When, like now, the AWP is less than the Loan rate, storage costs are reimbursed by the CCC, so storing in Loan is free.
When purchasing a Call, its value will increase when the associated futures price increases above the Strike Price of the Call. If futures fall below the Strike Price, the Call will have no value, but loss is limited to just the premium since the crop has already been sold. Examples are shown based on October 12 prices and assumptions about July futures.
IN SUMMARY. It’s thus far been a disappointing and frustrating year price-wise and, unfortunately for some growers, yield-wise also. The die is not cast for the final time by any means, and upside price potential is still out there. But, growers have to carefully evaluate the alternatives now available and the potential outcome of each if prices go up – and the risk of that outcome if prices instead go down.
Examples of marketing alternatives have been presented. The purpose of this is educational. The purpose for doing this is not to necessarily compare how they would compare penny for penny today. My approach is that if producers understand the basics and how the mechanics of each works, they can very well apply the appropriate numbers when the time comes.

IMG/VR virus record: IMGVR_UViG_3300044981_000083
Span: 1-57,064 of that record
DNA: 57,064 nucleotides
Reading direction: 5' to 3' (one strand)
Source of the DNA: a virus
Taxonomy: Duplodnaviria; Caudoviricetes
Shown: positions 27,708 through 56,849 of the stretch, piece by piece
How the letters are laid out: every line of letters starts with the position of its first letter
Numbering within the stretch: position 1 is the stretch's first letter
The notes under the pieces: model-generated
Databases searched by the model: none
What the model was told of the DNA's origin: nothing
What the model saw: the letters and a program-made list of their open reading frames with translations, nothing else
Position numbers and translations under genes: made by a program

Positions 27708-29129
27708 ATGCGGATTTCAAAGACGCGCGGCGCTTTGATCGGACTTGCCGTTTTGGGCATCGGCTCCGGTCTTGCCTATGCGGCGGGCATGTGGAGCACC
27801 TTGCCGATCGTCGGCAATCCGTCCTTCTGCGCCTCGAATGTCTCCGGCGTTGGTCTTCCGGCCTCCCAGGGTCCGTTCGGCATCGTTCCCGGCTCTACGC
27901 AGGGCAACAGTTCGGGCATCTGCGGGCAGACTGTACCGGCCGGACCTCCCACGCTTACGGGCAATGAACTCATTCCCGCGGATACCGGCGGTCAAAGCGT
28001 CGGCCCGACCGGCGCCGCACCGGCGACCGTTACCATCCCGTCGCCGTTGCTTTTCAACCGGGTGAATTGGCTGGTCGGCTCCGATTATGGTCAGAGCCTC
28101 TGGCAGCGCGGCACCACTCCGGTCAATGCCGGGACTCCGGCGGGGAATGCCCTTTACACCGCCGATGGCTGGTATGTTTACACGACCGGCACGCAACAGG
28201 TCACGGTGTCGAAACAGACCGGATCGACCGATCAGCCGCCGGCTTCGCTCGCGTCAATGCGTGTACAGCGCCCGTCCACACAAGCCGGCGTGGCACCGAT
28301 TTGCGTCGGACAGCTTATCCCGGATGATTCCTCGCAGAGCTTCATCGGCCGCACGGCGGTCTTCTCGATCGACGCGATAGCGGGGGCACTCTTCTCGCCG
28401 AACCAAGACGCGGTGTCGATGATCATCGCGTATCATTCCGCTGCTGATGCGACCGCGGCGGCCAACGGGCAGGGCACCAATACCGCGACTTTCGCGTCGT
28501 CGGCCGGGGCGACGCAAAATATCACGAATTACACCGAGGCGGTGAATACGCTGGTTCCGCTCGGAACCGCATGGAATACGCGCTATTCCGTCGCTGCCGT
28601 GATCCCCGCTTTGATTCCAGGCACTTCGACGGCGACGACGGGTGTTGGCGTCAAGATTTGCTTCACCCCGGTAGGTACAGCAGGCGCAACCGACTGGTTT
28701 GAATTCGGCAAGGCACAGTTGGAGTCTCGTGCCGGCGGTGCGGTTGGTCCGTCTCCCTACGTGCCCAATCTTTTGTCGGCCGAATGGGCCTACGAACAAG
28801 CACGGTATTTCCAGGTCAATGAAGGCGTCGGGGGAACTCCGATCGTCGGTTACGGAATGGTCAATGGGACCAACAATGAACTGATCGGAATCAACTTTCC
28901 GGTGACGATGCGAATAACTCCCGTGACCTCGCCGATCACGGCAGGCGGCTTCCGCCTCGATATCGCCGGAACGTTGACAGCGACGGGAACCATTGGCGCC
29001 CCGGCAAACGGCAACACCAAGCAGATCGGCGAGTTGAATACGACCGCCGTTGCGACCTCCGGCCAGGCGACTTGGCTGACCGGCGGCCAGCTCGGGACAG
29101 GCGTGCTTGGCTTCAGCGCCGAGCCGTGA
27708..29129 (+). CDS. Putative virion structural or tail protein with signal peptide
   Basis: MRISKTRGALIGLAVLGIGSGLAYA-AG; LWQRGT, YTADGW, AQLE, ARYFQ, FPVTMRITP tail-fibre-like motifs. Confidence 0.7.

Currently, the basis is good, and premiums for quality are good. This, combined with the available LDP, is likely to surprise producers in how good the total will be. Alternatively, the cotton can go to Loan and you play the MLG and equity game. This can work out just as well or better than taking the LDP. It also could not.
Growers should also be aware of and consider that good basis and quality premiums currently available may not hold forever – or they could. I’m just saying factor this uncertainty into your decisions.
Going the Call Option route can also work well. My view on Calls is that they are a way to continue to play the market while limiting any potential loss. Can money be made? Yes. Can money be lost? Again, yes. In either case, it’s equally important to manage risk.
Shurley is Professor Emeritus of Cotton Economics, Department of Agricultural and Applied Economics, University of Georgia